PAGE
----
[Plot Summary]  [Publishing History]

The Fallen Leaves, first edition in cloth, Chatto & Windus.

1879 Chatto & Windus first English edition


Wilkie Collins's novel was published in 1879 and dedicated to Caroline Graves.  The 'Fallen Leaves' of the title are 'The people who have drawn blanks in the lottery of life...the friendless and the lonely, the wounded and the lost'.  The novel was not well received and a planned Second Series, showing an unconventional marriage failing because of outside pressures, was never written.


The novel follows the fortunes of four women, all in one way or another 'fallen leaves', who are linked by their relationships with the hero, Amelius Goldenheart, and also by secrets from the past.  Their histories are looked at from two perspectives: that of the ruthless capitalist society of England in which they live, and that of the Christian Socialism of the hero who has been brought up in a Utopian community in America.  Collins modelled his description on the Oneida communities of New England, in which sexual relationships were not restricted to marriage but had to be sanctioned by the elders.  One of the leading themes of the novel is the difficulty of creating relationships between men and women which are neither hypocritical nor exploitative.  Unfortunately the novel is not well constructed, and the importance of Collins's message is lost in a convoluted and extravagant plot.  It relies heavily on coincidence and the writing is moralistic and melodramatic.


The Fallen Leaves, Chatto & Windus yellowback

1892 Chatto & Windus yellowback


Amelius Goldenheart is in exile from his Utopian community because of an unsanctioned relationship with an older English woman who has suffered some mysterious tragedy in her earlier life - she is the first of the 'fallen leaves'.  He comes to London with a letter of introduction to the villainous John Farnaby, and is captivated by Farnaby's niece Regina to whom, after some complications, he becomes engaged.  Mrs Farnaby, a woman who 'lives in some secret hell of her own making, and longs for the release of death' enlists his help to look for the illegitimate daughter she lost sixteen years earlier.  Farnaby had seduced his employer's daughter in order to force her into marriage and further his own career, but when the baby was born he kidnapped it and gave it to a baby-farmer.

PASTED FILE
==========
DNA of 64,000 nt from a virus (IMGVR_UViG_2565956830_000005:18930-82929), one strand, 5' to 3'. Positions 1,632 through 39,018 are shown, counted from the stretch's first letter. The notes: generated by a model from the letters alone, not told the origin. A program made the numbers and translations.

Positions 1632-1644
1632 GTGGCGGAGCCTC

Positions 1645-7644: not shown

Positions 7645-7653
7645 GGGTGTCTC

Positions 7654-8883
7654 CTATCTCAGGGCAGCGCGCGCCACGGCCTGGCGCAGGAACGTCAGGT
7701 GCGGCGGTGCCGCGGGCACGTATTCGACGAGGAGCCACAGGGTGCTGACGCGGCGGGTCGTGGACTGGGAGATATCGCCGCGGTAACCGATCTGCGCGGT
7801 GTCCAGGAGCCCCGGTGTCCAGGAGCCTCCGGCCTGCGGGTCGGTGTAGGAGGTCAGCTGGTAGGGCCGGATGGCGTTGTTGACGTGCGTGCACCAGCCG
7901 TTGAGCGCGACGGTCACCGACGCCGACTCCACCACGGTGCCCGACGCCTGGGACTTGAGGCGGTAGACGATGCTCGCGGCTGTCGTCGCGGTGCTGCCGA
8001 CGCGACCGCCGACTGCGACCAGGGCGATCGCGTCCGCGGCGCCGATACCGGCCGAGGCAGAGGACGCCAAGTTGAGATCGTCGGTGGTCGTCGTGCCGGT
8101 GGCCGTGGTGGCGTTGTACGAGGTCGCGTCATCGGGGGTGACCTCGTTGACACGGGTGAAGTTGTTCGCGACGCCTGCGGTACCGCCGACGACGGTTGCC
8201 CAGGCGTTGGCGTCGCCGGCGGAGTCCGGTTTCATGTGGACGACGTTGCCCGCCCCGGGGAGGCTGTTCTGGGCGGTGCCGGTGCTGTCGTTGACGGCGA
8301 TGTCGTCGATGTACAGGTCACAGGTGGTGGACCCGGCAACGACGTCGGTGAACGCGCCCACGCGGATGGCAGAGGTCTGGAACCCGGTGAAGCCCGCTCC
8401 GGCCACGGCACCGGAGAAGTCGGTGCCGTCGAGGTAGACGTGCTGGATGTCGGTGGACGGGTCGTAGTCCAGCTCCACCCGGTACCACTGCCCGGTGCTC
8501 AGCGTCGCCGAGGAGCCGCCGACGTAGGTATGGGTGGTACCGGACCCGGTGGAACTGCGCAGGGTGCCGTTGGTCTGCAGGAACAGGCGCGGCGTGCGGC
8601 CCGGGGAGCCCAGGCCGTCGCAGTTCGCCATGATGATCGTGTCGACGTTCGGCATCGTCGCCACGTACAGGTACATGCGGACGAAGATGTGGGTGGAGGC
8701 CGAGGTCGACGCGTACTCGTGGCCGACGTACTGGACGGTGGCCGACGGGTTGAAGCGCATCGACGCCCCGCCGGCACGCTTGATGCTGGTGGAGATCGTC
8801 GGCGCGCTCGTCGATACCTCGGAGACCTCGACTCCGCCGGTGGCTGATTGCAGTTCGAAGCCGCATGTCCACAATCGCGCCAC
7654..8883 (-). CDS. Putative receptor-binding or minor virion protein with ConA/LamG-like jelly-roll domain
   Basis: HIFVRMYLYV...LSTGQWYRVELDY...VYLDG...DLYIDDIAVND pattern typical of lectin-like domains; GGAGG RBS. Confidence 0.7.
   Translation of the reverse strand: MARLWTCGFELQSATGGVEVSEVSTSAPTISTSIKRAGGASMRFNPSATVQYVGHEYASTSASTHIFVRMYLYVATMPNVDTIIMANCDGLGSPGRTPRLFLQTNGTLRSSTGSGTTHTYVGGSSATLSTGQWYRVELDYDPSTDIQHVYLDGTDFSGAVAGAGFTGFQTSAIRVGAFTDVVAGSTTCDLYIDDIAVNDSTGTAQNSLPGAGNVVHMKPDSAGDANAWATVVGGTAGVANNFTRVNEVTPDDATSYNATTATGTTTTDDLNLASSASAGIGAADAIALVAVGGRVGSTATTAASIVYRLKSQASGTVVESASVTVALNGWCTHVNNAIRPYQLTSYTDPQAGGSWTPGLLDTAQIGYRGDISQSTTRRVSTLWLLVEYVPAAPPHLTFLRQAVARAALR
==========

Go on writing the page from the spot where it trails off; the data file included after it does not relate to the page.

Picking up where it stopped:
On the streets of London, Amelius is accosted by a sixteen-year-old prostitute, Simple Sally, and takes her home with him to save her from a life on the streets.  They live together as brother and sister but when Regina discovers her presence, she rejects Amelius, breaking off their engagement.  Sally turns out to be Mrs Farnaby's long-lost child and they are reunited at Mrs Farnaby's deathbed.  Amelius and Sally then marry.  The 'Second Series' was intended to follow the course and break-down of their marriage.


The Fallen Leaves, Rose-Belford, Chicago

1879 edition by Rose-Belford of Chicago


The World, 1 January-3 July 1879; and in The Canadian Monthly, February 1879-March 1880.


Book publication

First edition

3 volumes, Chatto & Windus, London 1879.  Olive-brown cloth, covers blocked and lettered in black, spines lettered in gilt, blue and black floral end-papers.  Half-title in each volume.  Published between 1 and 16 July 1879.

Vol I     (viii) + 276 pp

Vol II    (iv) + 272 pp.  40 pp publisher's catalogue dated May 1879 bound in at end.

Vol III   (iv) + 296 pp


1 volume editions

Chatto & Windus 1880-1899.  Sutton, Stroud 1994.


1st US edition

Included in Collier's collected edition, (vol 21), 1900.


Canadian edition

Rose-Belford, Toronto 1879.



German, Berlin 1880; Russian, Moscow 1880

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